Here in Sevilla white orange blossoms appear in winter and infuse the city with an intoxicating aroma through the spring. Likely this orange was cultivated not only for its pungent fragrance, but also because it stays green year round, providing shade in summer and thick swashes of lush green to line the streets all winter.
Aside from bitter orange, many citrus trees are grown successfully here. Orange, lemon, mandarine, satsuma, clementine, grapefruit, lime, kumquats and limequats are all cultivated here and have culinary as well as medicinal uses.
It’s Culinary and Medicinal Uses
Sevilla’s Bitter Orange is by far the most iconic of all citrus fruits in the region.
The Botanical Name of Bitter Orange is Citrus aurantium. Other Common Names include: Kuang chu, naranja agria, neroli, amara, hua chu hung, citrus bergamia, citrus bigaradia, citrus vulgaris, Seville orange, zhi shi, petit grain, chongcao, bigarade orange, sour orange.
This tree belongs to the Rutaceae Family. It is a flowering evergreen which bears fruit and is native to tropical Asia, today it is widely cultivated in the Mediterranean region.
The dried outer peel of the fruit, with the white pulp removed is used medicinally. The leaves and flowers are also commonly used in many medicinal folk traditions. The small, unripened fruits are a traditional flavoring in the liquor Curacao, and the fresh outer peel including the pulp is used for making sweets and marmalade.
Bitter Orange in your Medicine Cabinet
The plant has a complex chemical makeup, and the oil that is extracted from the peel is particularly potent. This oil has an orange color and a strong flavor and aroma that is used to remedy for a variety of health problems.
The oil contains flavones, the alkaloids synephrine, octopamine, and N-methyltyramine and carotenoids which are useful for the treatment of headaches, indigestion, abdominal pain, constipation, diarrhea and high blood pressure.
The flower is also used for treatment of gastrointestinal disorders, nervousness and insomnia, gout and sore throat, even as a treatment for obesity. In Chinese medicine, the flower of the bitter orange is also used to ease chest and stomach pain. Homeopathic practitioners use both the peel and the flowers to treat these conditions, while the leaves of the plant can be prepared as a tonic and used as a laxative, a sedative for insomnia, and to calm anxiety.
For a more complete listing of benefits when using this citrus medicinally, check out ayushology.com
Bitter Orange in your Kitchen Cabinet
It's easy to understand why, historically, Bitter Oranges became associated with opulence, wealth, and culinary delights. They appear in the middle of winter, when all is cold and grey, offering visual warmth and a plethora of culinary possibilities. Recipes for puddings, sauces and preserves made with Sevilla oranges go back centuries, but it was a happy accident of inclement weather that marmalade was born.
A ship carrying a cargo of Seville oranges was forced to shelter from a storm in the harbor at Dundee. A local grocer named James Keiller, bought up the fruit before it went bad, and his wife Janet, turned them into marmalade. You will find here our favorite marmalade recipe, and for more ideas on how to cool with this amazing citrus, check out KITCHN’s recommendations
Also be sure to check out our friend Clare’s blog post on the subject on the Meeting Point Post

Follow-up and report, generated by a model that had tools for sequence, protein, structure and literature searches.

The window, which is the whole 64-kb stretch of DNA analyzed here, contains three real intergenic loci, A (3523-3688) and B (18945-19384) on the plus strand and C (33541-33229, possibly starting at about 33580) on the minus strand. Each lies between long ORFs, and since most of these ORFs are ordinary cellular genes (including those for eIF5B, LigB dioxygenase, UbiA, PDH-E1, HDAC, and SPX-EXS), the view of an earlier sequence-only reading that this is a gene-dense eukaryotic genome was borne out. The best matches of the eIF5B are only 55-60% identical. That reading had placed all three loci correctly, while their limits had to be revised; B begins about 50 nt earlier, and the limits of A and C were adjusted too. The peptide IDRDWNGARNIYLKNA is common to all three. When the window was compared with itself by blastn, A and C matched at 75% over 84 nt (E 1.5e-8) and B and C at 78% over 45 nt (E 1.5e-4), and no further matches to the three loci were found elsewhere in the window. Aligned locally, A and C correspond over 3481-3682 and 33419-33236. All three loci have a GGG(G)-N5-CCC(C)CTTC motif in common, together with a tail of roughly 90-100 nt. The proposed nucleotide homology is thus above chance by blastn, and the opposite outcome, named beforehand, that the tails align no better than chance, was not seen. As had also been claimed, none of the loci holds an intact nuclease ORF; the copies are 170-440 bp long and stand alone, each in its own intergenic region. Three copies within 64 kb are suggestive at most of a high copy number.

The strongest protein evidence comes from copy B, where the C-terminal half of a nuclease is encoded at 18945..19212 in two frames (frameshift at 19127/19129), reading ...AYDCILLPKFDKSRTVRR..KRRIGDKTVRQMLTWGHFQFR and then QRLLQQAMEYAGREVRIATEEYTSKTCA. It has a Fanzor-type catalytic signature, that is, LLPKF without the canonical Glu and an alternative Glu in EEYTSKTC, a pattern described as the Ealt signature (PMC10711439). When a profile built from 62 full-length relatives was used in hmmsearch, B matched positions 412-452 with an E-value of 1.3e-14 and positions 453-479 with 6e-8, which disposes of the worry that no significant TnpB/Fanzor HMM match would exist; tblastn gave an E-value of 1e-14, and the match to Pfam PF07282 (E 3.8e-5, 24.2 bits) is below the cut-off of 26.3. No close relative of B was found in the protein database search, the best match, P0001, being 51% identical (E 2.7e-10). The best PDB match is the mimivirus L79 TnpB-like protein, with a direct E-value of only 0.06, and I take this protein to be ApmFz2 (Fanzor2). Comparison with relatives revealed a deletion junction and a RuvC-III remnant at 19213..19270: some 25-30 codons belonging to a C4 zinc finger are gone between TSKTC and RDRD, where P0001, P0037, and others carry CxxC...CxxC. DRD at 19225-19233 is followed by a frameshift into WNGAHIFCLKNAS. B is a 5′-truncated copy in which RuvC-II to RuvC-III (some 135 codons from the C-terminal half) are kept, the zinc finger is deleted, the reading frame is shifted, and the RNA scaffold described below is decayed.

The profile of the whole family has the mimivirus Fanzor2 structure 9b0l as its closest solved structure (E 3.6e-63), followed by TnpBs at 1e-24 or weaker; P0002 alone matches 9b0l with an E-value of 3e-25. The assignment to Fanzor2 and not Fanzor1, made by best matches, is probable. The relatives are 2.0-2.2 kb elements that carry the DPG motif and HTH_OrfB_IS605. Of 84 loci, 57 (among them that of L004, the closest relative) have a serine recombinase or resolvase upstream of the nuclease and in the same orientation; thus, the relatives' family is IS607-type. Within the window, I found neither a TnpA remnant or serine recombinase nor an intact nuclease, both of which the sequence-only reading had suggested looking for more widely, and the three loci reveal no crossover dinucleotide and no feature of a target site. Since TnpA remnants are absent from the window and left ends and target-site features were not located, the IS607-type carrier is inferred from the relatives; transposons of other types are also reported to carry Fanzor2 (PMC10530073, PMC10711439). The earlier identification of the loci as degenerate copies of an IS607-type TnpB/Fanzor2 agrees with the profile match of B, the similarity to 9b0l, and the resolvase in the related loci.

Here is a printable image of the recipe to share. We hope you will give it a try!
Sevilla Orange Marmalade
1 kg Seville oranges
1 large lemon
2 kg sugar
You need a large pot for boiling, 30cm/ 30cm square of gauze or muslin and 6 or 7 340 ml jars
Cut the oranges in half, and remove the visible pits. Squeeze the oranges and then put the juice into your pot. Cut the orange halves into quarters, and scrape out the pulp and membrane (set aside) then cut the peel into uniform shreds. Put the peel into the pot along with the juice. Gather the pulp and membrane together in the gauze and tie with string. Add 2.25 litres of water to the pan and the gauze pouch. Cover the pan with a lid or plastic wrap and leave in a cool place overnight.
The next day, bring everything to a simmer over medium heat, then simmer on low until the pieces of orange are really soft – they should squash easily between two fingers. This should take about an hour and a half. Once the peel is soft, remove the gauze pouch, pressing it gently against the side of the pan first to extract as much juice as possible. Put the pouch into a bowl to cool for 10 minutes. Meanwhile, squeeze the lemon juice into the pan and add the sugar. Once the pouch is coolish, squeeze the last of the pectin rich juice from it into the pan.
Preheat the oven to 140° celcius, and place 6 - 7 very clean jars on a baking tray inside to sterilize for 20 minutes.
Keep stirring the pan to help dissolve the sugar. This will take about 15 mins. Once the sugar has dissolved, bring the marmalade to a rolling boil and boil for 20 – 25 minutes, until it has reached the setting point. To test for the setting point, place a blob of marmalade on a cold saucer. Put the saucer in the freezer for a minute and then drag your finger through the blob. The marmalade is ready when the blob wrinkles and remains pretty much split in two and doesn’t run back into a whole.
Preheat the oven to 140° celcius, and place 6 - 7 very clean jars on a baking tray inside to sterilize for 20 minutes. Keep stirring the pan to help dissolve the sugar. This will take about 15 mins. Once the sugar has dissolved, bring the marmalade to a rolling boil and boil for 20 – 25 minutes, until it has reached the setting point. When the marmalade is ready, take the pan from the heat and let it sit for 15 minutes. Then, transfer the marmalade into the warm jars. Seal the jars immediately and leave them to cool. Keep the jars in a cool dry place. They do not need refrigeration for up to a year, or if they are opened.